Cycle paths have been painted yellow, knitting enthusiasts have made a giant yellow jersey, and preparations are being made for a flotilla of boats flying yellow flags. The “big yellow party” comes to Denmark on 1 July when the country widely regarded as the best in the world for cyclists hosts the opening stage of the world’s greatest cycling race.
The Tour de France was originally slated to start in Copenhagen in 2021, but was transferred to Brest in response to a Covid-related scheduling conflict with the European Championships.
Postponing the Grand Départ Copenhagen by a year has been welcomed as allowing more time for planning and now, post Covid lockdowns, organisers are hoping their investment of 150m Danish krone (about £17.3m) will boost tourism.
“There is a lot of excitement in the city,” said Sophie Hæstorp Andersen, a cycling fan and lord mayor of Copenhagen, where a huge clock in the city’s main square is counting down to 1 July. “We’re gearing up for a big yellow party where everyone’s invited,” said Andersen.
Denmark’s reputation as a cycling nirvana is well-earned. There are approximately 7,500 miles of bike routes and bike lanes across the country and half of all Copenhageners commute by bike.
Cycling enthusiasts in Copenhagen can try out the Tour de France route themselves on 2 July, when the professionals set off for stage two from Roskilde Cathedral, where the Viking king Harald Bluetooth is said to be buried. After a windswept sprint across the Great Belt Bridge, the route finishes in Nyborg on the island of Funen.
The third and last Danish stage on 3 July starts in the city of Vejle – known as The Kingdom of Cycling thanks to its Alpine-grade ascents shaped by the ice age in an otherwise remarkably flat country.
The route will take in Vejle’s harbour, with buildings designed by the artist Olafur Eliasson, as well as the Unesco world heritage site at Jelling, where Bluetooth raised the Jelling Stone in 965 CE, marking the unification of Denmark as a Christian nation. Cyclists will pass through Kolding, celebrated for its 750-year-old royal fortress Koldinghus, as well as another Unesco world heritage site at Christiansfeld before finishing 113 miles later in Sønderborg.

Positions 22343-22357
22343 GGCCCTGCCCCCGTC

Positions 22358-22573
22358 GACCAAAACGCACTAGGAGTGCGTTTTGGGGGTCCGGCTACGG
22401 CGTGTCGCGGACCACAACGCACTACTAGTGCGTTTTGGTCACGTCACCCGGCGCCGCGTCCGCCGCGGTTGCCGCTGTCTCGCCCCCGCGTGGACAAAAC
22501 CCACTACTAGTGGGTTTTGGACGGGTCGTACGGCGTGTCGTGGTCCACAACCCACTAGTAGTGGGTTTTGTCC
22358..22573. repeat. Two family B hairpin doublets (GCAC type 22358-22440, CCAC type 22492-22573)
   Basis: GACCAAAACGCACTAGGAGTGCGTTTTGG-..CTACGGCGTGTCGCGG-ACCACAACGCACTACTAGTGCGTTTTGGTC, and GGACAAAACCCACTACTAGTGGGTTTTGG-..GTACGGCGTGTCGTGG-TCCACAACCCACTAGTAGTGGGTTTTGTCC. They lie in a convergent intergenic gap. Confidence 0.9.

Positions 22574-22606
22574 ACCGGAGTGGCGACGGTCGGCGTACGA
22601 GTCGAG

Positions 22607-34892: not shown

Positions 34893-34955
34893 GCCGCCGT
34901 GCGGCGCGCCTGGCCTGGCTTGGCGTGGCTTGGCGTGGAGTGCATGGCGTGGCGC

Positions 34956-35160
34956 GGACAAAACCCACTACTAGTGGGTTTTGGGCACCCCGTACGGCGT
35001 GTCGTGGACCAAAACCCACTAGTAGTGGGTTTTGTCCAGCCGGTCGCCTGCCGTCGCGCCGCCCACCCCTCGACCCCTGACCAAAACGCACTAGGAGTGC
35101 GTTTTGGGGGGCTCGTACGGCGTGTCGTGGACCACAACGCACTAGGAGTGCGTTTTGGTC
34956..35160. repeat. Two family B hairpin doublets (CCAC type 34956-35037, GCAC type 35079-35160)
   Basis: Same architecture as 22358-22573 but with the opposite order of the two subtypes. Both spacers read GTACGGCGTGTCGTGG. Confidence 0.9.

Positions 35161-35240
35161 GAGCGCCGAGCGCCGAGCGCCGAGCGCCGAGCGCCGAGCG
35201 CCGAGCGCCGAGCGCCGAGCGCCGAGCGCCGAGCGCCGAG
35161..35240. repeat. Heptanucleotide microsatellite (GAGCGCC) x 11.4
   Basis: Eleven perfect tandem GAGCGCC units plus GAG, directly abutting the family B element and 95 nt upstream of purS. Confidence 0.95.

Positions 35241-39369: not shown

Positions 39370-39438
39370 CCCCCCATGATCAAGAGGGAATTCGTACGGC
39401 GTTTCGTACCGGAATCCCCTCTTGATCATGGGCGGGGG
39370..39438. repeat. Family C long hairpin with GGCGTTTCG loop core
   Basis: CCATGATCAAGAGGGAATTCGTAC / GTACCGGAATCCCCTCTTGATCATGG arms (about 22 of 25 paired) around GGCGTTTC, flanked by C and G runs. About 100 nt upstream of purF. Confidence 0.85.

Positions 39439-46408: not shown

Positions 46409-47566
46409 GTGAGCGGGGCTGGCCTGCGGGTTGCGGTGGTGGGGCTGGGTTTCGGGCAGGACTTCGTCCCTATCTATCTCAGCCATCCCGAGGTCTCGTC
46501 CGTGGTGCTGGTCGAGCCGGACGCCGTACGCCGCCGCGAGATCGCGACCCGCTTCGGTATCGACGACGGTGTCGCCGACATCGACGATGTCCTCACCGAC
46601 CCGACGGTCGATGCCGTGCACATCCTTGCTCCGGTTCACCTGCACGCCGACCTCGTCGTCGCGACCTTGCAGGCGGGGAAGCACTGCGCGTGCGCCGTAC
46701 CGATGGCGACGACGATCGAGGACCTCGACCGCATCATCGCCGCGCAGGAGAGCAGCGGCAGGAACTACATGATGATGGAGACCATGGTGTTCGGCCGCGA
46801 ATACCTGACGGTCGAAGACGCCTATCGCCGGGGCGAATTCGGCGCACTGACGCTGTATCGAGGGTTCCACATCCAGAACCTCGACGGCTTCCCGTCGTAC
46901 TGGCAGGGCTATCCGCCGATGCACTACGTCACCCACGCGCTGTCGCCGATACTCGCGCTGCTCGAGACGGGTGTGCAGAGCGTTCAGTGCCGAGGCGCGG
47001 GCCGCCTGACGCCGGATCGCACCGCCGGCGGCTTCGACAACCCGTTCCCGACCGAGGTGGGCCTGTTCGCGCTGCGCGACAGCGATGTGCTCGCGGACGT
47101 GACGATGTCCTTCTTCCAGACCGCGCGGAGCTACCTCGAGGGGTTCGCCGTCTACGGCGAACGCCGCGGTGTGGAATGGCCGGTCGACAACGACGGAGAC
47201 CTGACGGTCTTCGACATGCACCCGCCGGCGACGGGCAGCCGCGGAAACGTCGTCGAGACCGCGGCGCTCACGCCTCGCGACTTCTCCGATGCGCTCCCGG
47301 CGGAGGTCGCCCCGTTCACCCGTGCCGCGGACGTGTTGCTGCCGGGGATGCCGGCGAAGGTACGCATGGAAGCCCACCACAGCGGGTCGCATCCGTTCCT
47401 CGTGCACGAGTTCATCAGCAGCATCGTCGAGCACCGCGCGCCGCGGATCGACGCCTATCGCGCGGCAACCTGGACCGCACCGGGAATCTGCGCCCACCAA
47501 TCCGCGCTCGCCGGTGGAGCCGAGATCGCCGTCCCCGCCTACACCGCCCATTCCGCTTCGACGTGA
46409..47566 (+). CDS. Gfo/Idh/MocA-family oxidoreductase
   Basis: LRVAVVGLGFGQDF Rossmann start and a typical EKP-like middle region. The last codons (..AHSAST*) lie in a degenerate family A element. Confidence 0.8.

A total of 5,000 volunteers will be involved in keeping the festivities going countrywide, but Vejle municipality has taken an interesting approach to building engagement. “We wanted the community to feel ownership of the event instead of just commissioning projects,” said organiser Jacob Rasmussen, “so we set up a 3m Danish krone grant fund for innovative projects that celebrate cycling”.
Tour de France Vejle is headed up by an unassuming man in shorts named Lars Ulrich – a physiotherapist and bike enthusiast who has spent his entire life explaining that he is not the drummer from Metallica.
Ulrich was tasked with getting non-cyclists excited about the race. “I thought, ‘how can I make this an historic event? How can I get it to be remembered for anything other than tight Lycra pants?’ Covid separated us for so long that Tour de France is an opportunity to come together – I want everyone involved.”
Alex Slot Hansen, an employee at Sydbank, invested in 9,000 balls of wool for the residents of local hospices and care homes to knit a giant 600kg yellow jersey to be raised up at the harbour. “I had a lot of messages from carers who say it’s been therapeutic for hospice patients in particular,” said Hansen.
Morten Teilmann-Jørgensen from the Viking Kings experience centre came up with “the Viking Biking Escape Box”. “You get in a box on a stationary bike and you see yourself on a screen,” said Teilmann-Jørgensen. “There are virtual ‘Vikings’ behind you, and when you start cycling, they start chasing.”
Restaurateurs and retailers are bracing themselves for the city to double in size, with 100,000 visitors from around the world expected. Ulrich and his team have been emphasising the importance of hospitality to local businesses and how to be a good host – something that doesn’t necessarily come naturally in a country not famed for its service culture.
Maria Theresa Olsen from Bryg coffee house in Vejle hopes to confound expectations. “I’m trying to think, ‘if I were a tourist what would I want?’ and ‘how can I give a good impression of this town I’m proud to call home?’’ she said.
“The eyes of the world will be on us, so we want to give as good as experience as we can.”
The one element of the experience no one can plan for is the weather and Denmark’s unpredictable summers make counting on sunshine futile. “I’m checking the forecast daily and crossing my fingers,’ said Hæstorp Andersen, “but it’ll be what it’ll be”.
Ulrich takes a more upbeat approach: ‘It’s like we always say in Denmark: ‘There’s no such thing as bad weather – just the wrong clothes’.’